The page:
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Am J Pathol. 1998 Feb;152(2):391-8.

Fatal encephalopathy with astrocyte inclusions in GFAP transgenic mice.

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Department of Pathobiological Sciences, School of Veterinary Medicine, University of Wisconsin-Madison, 53706, USA.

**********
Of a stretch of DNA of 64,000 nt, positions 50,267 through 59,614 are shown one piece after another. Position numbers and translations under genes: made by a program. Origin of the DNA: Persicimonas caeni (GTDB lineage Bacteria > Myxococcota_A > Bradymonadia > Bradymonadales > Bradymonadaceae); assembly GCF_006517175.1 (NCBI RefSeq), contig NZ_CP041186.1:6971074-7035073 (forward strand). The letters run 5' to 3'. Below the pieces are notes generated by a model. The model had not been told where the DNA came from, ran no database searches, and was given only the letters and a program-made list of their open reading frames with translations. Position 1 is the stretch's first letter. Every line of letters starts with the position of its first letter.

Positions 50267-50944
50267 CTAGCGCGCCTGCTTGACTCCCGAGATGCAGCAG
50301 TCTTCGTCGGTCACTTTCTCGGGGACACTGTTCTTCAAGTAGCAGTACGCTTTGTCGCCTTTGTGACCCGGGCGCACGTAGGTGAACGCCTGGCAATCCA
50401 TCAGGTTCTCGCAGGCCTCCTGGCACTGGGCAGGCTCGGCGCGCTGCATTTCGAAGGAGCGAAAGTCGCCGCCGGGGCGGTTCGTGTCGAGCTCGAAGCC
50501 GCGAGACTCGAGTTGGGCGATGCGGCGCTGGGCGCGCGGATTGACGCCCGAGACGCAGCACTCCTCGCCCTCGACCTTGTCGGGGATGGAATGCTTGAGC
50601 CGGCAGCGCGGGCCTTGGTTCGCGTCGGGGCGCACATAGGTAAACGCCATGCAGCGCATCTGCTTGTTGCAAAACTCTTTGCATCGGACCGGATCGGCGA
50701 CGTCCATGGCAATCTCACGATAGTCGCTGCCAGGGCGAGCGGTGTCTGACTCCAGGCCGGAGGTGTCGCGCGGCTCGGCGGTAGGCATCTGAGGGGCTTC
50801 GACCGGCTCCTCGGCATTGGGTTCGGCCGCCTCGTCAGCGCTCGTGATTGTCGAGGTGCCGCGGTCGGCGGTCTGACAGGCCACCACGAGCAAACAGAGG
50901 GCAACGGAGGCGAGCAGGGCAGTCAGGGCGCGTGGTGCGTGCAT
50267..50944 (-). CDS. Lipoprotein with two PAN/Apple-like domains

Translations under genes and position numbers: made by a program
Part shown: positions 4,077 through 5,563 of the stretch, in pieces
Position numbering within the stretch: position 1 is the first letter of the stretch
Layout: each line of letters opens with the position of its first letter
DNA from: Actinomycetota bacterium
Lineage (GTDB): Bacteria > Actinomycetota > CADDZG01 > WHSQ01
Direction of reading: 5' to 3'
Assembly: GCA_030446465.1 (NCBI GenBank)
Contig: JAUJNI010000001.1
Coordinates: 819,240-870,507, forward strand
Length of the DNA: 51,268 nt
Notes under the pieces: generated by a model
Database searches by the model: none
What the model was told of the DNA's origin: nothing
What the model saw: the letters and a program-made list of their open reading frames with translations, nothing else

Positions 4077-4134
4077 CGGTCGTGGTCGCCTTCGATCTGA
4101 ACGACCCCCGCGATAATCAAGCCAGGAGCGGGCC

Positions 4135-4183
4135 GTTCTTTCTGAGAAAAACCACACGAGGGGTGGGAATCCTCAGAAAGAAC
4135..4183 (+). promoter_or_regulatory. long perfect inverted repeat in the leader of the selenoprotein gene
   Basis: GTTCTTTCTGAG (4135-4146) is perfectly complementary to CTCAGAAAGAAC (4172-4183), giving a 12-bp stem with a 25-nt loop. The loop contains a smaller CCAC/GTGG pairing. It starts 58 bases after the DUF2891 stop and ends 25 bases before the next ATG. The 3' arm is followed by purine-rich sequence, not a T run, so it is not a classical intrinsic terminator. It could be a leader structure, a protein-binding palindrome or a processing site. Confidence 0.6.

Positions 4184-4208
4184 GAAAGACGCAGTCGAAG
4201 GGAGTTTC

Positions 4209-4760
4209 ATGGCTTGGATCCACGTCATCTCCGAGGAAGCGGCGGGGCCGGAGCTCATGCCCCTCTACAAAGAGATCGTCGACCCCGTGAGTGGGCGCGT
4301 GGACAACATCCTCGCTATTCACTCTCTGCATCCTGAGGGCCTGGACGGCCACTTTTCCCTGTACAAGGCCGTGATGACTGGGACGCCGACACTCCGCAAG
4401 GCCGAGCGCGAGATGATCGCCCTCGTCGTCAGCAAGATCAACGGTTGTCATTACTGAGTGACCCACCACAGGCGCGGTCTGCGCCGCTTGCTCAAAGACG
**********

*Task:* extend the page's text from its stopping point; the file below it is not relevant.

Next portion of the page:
Increased expression of glial fibrillary acidic protein (GFAP) is a hallmark of gliosis, the astrocytic hypertrophy that occurs during a wide variety of diseases of the central nervous system. To determine whether this increase in GFAP expression per se alters astrocyte function, we generated transgenic mice that carry copies of the human GFAP gene driven by its own promoter. Astrocytes of these mice are hypertrophic, up-regulate small heat-shock proteins, and contain inclusion bodies identical histologically and antigenically to the Rosenthal fibers of Alexander's disease. Mice in the highest expressing lines die by the second postnatal week. The results support the notion that Alexander's disease is a disorder of astrocytes, and provide an animal model for studying the causes and consequences of inclusion body disease.

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